Published: April 9, 2021

Category: The Bright Side

Gregory Kimani grew up not having enough to eat in his crowded Nairobi settlement.

“I have a long history with food insecurity having grown up in a single-parent household where managing three meals per day was a challenge,” Kimani said.

After graduating from university with an environmental conservation major, the 26-year-old is using his knowledge to address the food insecurity crisis in Nairobi’s slums through organic farming. In 2018, his organization Mwengenye Lifestyle established an incubation and agriculture resource center to train families to use limited space to grow nutrient-rich, indigenous vegetables.

Kimani has worked with urban households, schools, and female welfare groups. Food is grown on balconies, in kitchen gardens, and in vertical, hanging and multi-story gardens in both low- and middle-income settlements in Nairobi. Classes for women and youth focus on growing indigenous vegetables and medicinal herbs to improve family health.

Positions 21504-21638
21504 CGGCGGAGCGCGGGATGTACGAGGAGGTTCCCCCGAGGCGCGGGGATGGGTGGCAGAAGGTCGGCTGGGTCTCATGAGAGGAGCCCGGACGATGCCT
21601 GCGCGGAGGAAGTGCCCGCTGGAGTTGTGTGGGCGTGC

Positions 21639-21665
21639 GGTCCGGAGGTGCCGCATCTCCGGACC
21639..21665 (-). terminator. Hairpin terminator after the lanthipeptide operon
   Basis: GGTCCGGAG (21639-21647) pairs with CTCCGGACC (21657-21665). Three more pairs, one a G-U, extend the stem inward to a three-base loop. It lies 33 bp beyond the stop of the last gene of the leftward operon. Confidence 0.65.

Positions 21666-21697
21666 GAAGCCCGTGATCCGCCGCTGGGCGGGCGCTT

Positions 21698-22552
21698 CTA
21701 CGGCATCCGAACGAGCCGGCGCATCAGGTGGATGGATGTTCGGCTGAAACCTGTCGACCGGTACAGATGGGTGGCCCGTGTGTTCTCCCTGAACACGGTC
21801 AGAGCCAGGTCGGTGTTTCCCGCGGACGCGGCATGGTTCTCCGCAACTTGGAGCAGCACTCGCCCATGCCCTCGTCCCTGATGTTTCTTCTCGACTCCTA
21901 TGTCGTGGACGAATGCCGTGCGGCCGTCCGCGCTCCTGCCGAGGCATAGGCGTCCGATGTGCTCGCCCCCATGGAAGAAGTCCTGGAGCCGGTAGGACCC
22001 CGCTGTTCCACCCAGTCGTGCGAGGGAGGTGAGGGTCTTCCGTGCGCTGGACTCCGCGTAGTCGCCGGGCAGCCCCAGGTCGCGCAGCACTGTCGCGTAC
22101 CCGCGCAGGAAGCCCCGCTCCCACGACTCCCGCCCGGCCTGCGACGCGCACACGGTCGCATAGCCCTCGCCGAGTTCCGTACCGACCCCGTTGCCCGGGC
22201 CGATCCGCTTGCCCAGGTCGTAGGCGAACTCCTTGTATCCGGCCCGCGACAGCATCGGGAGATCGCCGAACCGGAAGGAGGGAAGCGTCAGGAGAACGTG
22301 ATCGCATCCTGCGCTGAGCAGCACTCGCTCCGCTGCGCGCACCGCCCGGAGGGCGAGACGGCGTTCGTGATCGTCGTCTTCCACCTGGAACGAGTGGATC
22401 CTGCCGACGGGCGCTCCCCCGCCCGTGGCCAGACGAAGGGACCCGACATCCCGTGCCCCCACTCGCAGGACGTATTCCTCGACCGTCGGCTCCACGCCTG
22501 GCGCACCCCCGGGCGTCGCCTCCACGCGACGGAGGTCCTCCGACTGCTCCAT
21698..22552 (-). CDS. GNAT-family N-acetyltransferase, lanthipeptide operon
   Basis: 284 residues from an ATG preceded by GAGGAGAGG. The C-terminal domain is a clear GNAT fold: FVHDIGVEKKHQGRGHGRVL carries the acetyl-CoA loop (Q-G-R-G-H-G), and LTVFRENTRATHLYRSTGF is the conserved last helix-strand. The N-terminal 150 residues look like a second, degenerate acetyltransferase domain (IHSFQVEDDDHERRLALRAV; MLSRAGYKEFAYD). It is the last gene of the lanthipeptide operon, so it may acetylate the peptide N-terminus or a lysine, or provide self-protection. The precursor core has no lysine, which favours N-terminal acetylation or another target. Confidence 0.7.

Mwengenye has built over 250 gardens, including for the wealthier suburbs of Nairobi. One pandemic initiative provided 120 burlap sack gardens—with training on how to grow crops out of the bags. This helped lessen hunger during the COVID-19 crisis.

Source: Xinhua

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Organic & Non-GMO Insights April 2021